NUS Faculty of Law

The National University of Singapore Faculty of Law (NUS Law) is Singapore's oldest and largest law school. The faculty was initially established as a Department of Law in the then University of Malaya in 1956, with its first batch of students matriculating the following year. Subsequently, it served as Singapore's only law school for half a century, until the establishment of the SMU School of Law in 2007 and subsequently SUSS School of Law in 2017. The current dean is Simon Chesterman.[1]

National University of Singapore Faculty of Law
MottoAsia's Global Law School
School typeNational university
DeanSimon Chesterman
LocationSingapore, Singapore


Lionel Astor Sheridan, then a law teacher in the United Kingdom, was appointed the first Head of the Law Department of the University of Malaya in July 1956. The department attained faculty status in 1959 and Sheridan was appointed its first dean, while the pioneer batch of 22 law students, featuring the likes of Chan Sek Keong and Tommy Koh, graduated on 10 July 1961.[2]

In its formative years, alumni were frequently called upon to provide leadership and expertise to the law school as it slowly expanded. Grants were also secured to increase the number of books in the law library, and students were sent to international mooting competitions as part of the legal education.[2] By the early 1990s, student exchange programmes with leading schools were established as well.[2] Over the years, with the help of grants, donations, and support from its alumni in both teaching and leadership positions, the law faculty grew from strength to strength, and is today recognised as a respected institution for providing quality legal education.[3]

The Faculty of Law is now staffed by a permanent faculty of around 80 with law degrees from more than a dozen jurisdictions.[4]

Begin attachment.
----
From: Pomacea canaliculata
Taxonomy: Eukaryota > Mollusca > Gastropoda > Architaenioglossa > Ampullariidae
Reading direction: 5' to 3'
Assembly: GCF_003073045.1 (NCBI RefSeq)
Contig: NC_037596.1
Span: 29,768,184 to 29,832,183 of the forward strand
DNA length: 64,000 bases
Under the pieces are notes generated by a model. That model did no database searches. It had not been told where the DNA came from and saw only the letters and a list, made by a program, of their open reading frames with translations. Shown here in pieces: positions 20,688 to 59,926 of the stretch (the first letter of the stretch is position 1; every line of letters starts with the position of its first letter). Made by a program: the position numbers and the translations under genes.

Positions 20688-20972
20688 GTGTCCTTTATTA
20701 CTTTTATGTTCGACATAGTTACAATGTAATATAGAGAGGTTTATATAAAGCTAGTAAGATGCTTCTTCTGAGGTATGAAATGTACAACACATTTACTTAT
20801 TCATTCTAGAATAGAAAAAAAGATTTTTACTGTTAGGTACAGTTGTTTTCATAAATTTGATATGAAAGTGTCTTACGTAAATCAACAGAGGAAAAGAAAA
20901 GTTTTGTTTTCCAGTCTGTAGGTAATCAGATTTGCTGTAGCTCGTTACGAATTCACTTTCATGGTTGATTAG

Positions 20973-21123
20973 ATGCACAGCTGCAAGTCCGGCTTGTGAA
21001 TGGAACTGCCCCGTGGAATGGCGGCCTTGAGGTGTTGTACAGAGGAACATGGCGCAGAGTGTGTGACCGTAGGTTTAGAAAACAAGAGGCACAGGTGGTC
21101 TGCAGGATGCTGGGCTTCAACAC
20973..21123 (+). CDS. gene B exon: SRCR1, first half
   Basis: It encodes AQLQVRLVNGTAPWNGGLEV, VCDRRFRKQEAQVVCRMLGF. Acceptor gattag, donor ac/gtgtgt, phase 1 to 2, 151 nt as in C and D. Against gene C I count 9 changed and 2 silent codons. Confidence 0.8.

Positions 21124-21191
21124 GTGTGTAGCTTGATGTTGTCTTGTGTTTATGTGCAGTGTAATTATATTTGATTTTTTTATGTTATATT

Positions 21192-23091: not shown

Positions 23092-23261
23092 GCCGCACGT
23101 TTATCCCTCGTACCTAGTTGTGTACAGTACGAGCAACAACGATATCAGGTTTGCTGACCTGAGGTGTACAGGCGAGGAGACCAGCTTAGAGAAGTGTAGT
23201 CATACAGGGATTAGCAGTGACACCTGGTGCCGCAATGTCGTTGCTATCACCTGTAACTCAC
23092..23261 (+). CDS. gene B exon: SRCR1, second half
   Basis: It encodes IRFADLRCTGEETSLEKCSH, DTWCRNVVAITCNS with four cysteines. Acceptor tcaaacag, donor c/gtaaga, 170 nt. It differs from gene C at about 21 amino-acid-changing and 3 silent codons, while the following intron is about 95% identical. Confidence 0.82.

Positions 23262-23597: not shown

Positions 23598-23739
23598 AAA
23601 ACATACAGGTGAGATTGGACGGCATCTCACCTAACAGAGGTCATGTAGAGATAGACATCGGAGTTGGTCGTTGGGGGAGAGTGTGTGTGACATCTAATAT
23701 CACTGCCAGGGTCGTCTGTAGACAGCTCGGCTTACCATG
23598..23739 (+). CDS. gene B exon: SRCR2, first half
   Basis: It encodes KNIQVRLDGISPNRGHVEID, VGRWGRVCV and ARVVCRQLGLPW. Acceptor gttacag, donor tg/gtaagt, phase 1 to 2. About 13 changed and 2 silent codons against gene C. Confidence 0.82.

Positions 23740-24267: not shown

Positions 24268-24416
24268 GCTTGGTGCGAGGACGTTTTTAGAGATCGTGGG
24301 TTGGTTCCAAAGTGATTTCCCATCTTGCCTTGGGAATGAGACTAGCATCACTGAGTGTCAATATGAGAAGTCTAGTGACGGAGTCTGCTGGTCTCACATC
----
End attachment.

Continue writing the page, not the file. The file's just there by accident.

S/NNameTerm of office
1.Lionel Astor Sheridan1956–1962
2.Chua Boon Lan1962–1963
3.Harry E. Groves1963–1964
4.Leslie C. Green1964–1965
5.James Louis Montrose1965–1966
6.Geoffrey W. Bartholomew1966–1968
7.Thio Su Mien1968–1971
8.Tommy Koh1971–1974
9.S. Jayakumar1974–1980
10.Tan Sook Yee1980–1987
11.Tan Lee Meng1987–1992
12.Chin Tet Yung1992–2001
13.Tan Cheng Han2001–2011
14.Simon Chesterman2012–


Degrees offered

Undergraduate students in the four-year LL.B. programme are required to take compulsory subjects such as contract law and tort law in the first two years, and are allowed to take up to 18 elective subjects in the final two years. Law electives include subjects on Asian legal studies and comparative law, commercial law, intellectual property and technology, maritime law, public and private international law, legal skills, and law & society. Students can also take non-law subjects for their electives, such as finance, accounting, international relations, foreign policy, and languages such as Korean, Japanese, French and German. As part of their LL.B., students can choose to take up a minor in another course of study such as economics, management, philosophy, and political science.

Apart from the traditional LL.B., the law school also offers double honours degrees in business administration & law, economics & law, law & life sciences,and a concurrent degree programme in law & public policy. Since 2013, it has also offered a double degree in partnership with the Yale-NUS College.[5]

Students who have a prior degree from another discipline may qualify for the Graduate LL.B. Programme, and will obtain their LL.B. in three years instead of four.[6]

For graduate students, the law school offers seven coursework LL.M. programmes and a research Ph.D. programme.[7] The coursework LL.M. programmes start in August and are completed the following May. Students enrolled in the International Business Law LL.M. spend a semester in Singapore before heading to Shanghai to study on the campus of East China University of Political Science and Law.[8]

Combined LL.B. and LL.M.